Price provided a vague response to that question, saying “The cost to the investigation by releasing this early on would have outweighed the benefit.”

      When one reporter characterized the release of the video as a “Hail Mary"—the term used in football to describe a desperate, last-ditch attempt at the end of a game to score a touchdown – Price denied the search for the killer (or killers) has hit a dead end. Indeed, he described the video evidence as “valuable… but not the biggest lead in the case.”

      But whether the killer (or killers) will ever be found seems increasingly doubtful. 

      A source close to the investigation who spoke to NOW suggests the perpetrator (or perpetrators) may not even be in Canada. This source theorizes that the murders were contract killings carried out by a foreign actor, perhaps from an Eastern European or Middle Eastern country, who was likely part of a criminal organization.

      On a possible motive behind the murders, the suggestion in numerous media reports is that Barry Sherman had made enough enemies in his many legal and business dealings around the world to provide a motive for any number of people to want to kill him. 

      The source close to the investigation characterizes that as “pure speculation”. But there’s little doubt that the killings were intended to make a statement.

      The Shermans were found in the swimming pool room in the basement of their North York mansion on December 15, 2017, with belts tightened around their necks and tied to a nearby railing in a semiseated, almost posed, position.

      An initial autopsy on the bodies listed the cause of death as “ligature neck compression” but did not conclude it was murder. 

      Toronto police were operating early on in the investigation on the assumption that the deaths were either a murder-suicide or a double suicide. Only, there was no note found and the Shermans were in the middle of plans to build a new home.

      It was Mayor John Tory, a family friend of the Shermans, who raised the family’s concerns with Toronto police brass about its initial theories. That posed conflict questions for the mayor as a member of the Police Services Board as well as concerns about undue influence on the police investigation.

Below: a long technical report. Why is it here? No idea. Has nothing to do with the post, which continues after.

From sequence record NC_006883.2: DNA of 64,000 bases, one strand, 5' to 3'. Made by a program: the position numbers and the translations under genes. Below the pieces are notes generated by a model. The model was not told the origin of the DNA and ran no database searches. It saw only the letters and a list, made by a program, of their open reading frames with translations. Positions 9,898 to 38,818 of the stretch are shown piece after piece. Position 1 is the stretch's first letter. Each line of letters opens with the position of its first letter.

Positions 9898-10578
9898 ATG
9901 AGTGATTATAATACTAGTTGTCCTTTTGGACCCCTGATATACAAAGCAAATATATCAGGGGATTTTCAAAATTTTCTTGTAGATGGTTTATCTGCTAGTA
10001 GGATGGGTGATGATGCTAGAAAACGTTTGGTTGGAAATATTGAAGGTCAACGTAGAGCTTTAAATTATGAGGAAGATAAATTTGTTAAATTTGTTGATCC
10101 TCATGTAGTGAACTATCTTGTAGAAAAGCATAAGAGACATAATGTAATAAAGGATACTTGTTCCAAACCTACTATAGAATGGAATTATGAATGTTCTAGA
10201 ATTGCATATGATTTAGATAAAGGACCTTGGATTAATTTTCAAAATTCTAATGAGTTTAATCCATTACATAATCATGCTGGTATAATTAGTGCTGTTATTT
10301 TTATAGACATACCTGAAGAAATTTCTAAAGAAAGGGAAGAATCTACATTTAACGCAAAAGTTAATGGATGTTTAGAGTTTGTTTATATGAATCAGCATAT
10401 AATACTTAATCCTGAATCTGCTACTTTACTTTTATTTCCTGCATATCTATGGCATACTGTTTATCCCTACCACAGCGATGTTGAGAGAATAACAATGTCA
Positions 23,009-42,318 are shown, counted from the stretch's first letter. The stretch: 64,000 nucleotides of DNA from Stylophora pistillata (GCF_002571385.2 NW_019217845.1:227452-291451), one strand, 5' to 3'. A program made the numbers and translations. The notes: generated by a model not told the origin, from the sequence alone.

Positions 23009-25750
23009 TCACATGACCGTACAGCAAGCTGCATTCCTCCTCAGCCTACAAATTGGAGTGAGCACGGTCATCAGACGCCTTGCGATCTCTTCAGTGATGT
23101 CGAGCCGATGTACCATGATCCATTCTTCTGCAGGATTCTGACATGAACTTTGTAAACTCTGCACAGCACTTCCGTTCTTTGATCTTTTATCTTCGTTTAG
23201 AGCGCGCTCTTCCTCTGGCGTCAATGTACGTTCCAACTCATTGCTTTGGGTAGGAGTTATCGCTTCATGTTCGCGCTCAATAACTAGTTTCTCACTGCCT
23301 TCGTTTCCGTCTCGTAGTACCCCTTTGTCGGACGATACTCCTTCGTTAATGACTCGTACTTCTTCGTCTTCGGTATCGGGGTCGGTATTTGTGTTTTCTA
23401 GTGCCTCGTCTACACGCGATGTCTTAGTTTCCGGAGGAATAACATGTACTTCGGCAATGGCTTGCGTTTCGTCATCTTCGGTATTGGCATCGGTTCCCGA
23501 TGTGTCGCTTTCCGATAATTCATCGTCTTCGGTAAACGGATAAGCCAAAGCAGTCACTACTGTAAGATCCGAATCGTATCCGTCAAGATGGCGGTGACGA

It was only after a second autopsy ordered by the Sherman family concluded the deaths were homicide that Toronto police began to pursue the case as “targeted” killings.

      Price ran down the Toronto police efforts to date at Tuesday’s press conference: 41 judicial authorizations (for search warrants), 250 witness interviews, 1,255 tips, and 992 “investigative actions”. He says the force remains “steadfast” in bringing closure to the case.

      But by some accounts the investigation hasn’t really been active since 2019.

      The Sherman family put up a $10 million reward for information and hired prominent defence lawyer Brian Greenspan to lead a parallel investigation into the murders using former Toronto police officers. But Greenspan is no longer acting for the family and its investigation essentially ended in December 2019. 

      Information continues to trickle in, says the source close to the investigation, from individuals claiming to know who did it “but they’re mostly crystal ball types”.

      Contract killings are the most difficult to solve because they’re carried out by professionals and usually rely on the person who carried out the hit to turn in the person who hired them. This source says “that’s unlikely to happen in this case”. Meanwhile, an attempt by the Star to unseal police documents related to the case was denied by a court last spring.

      Price said Tuesday that “It is our hope that someone will come forward with a name when they recognize the individual’s walk,” but at this point, police could just as easily be chasing a ghost.